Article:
The weather around here started changing in a big way last Monday. While January ended up being the third snowiest month on record for the Boulder area, we had a good stretch of warm days and cloudless skies. Great weather for just about everything except landscape photography. But as January transitioned into February, the conditions along the Front Range became more unsettled. In other words, unsettled weather is just what I had been hoping for.
I spent the better part of last week splitting my time between Rocky Mountain National Park and the Boulder area. Both locations are favorite of mine and because I photograph in these areas so often I have a pretty good sense of where to be to optimize my chances of capturing dramatic imagery in conditions favorable for landscape photography.
Prior to the change in the weather last week we either had cloudy morning with no breaks in the sun, or clear bluebird skies with no clouds. That whipsawed pretty quickly last week with cold temperatures and a couple of weather fronts moving through the state.
The cool temperatures and upsloping winds managed to form a nice inversion on both Saturday and Sunday morning. Saturday the inversion and cloud line sat at about 7500 ft above sea level which meant the eastern slopes of Rocky Mountain National Park were in prime position to potentially yield dramatic conditions of fog and clouds at sunrise. By Sunday morning, the inversion had moved down to around 6000 ft or so meaning the area around Boulder was now the most promising area to photograph.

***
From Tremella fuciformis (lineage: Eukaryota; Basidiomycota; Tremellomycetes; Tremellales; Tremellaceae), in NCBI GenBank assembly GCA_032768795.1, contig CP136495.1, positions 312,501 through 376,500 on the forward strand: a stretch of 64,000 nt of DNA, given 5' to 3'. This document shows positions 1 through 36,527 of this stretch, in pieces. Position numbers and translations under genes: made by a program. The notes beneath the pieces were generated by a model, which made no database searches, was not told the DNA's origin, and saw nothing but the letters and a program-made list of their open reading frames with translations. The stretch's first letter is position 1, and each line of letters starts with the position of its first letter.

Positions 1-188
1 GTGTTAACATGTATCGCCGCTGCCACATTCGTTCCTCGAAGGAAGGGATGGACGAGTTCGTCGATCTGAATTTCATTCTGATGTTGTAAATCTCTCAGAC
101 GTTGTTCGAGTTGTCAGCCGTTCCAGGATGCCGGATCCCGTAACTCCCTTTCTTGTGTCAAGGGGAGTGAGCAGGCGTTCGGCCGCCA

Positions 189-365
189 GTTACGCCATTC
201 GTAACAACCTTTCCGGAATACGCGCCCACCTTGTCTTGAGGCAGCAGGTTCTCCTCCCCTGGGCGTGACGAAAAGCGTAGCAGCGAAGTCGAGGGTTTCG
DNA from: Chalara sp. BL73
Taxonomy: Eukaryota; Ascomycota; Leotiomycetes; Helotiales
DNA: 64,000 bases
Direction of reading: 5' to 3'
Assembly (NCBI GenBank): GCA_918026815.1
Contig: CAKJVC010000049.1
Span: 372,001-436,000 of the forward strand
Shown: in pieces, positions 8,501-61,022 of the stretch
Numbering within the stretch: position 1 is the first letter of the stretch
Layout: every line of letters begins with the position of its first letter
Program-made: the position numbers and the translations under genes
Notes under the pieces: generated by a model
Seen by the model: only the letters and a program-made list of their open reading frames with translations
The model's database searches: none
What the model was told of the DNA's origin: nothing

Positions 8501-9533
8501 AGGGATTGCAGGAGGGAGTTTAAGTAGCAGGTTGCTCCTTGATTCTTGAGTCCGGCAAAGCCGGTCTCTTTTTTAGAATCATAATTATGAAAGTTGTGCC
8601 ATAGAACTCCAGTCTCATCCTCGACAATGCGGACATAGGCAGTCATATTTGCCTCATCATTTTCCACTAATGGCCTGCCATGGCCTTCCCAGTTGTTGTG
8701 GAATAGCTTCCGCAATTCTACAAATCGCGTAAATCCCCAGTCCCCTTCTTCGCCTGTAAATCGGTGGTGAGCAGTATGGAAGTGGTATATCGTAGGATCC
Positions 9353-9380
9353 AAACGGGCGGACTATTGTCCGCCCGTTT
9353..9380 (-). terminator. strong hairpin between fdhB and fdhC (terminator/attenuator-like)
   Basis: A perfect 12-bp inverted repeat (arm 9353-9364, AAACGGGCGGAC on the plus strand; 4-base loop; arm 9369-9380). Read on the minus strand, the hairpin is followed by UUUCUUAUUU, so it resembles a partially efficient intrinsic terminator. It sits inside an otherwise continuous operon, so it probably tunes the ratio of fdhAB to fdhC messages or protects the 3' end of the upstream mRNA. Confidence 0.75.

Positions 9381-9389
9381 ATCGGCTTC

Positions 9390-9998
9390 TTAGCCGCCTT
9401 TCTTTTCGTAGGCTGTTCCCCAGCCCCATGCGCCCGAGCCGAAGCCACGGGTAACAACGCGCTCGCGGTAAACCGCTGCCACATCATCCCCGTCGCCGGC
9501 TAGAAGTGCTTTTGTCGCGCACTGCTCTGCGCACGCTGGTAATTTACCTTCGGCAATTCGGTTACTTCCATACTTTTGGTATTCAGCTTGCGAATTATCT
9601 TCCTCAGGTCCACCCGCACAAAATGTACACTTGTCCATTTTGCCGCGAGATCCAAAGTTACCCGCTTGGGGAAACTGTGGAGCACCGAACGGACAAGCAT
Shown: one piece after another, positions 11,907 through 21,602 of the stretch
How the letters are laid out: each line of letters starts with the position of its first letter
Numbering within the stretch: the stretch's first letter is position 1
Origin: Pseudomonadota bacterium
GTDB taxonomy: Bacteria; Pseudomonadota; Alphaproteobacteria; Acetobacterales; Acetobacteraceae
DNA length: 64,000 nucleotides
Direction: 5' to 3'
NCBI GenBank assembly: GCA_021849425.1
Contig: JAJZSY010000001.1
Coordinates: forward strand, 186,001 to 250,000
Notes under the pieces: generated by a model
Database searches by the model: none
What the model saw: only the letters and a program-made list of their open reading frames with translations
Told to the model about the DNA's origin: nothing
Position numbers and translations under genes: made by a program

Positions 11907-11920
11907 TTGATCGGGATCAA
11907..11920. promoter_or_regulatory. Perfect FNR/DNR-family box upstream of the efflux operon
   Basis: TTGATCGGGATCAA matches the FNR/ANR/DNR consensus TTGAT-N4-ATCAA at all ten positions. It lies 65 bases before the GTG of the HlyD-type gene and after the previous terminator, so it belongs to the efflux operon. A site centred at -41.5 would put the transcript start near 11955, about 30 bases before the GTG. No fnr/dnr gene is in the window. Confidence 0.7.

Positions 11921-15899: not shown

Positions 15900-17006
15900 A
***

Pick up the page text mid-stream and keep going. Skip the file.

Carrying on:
There was no way I was going to miss sunrise on Saturday and Sunday with some of my favorite weather conditions prevailing over Rocky Mountain National Park and the Boulder area. As is always the case when photographing in these conditions, one has to be ready to move quickly and be prepared to find differing locations to accommodate the conditions and the lighting. There is also a pretty good chance you will just end up getting skunked by the conditions. Staying at home of course will guarantee you of that outcome.
So after a few weeks of less than stellar sunrises and mild and clear weather the conditions greatly improved for creating images. As the saying goes amongst photographers, bad weather equals great photographs.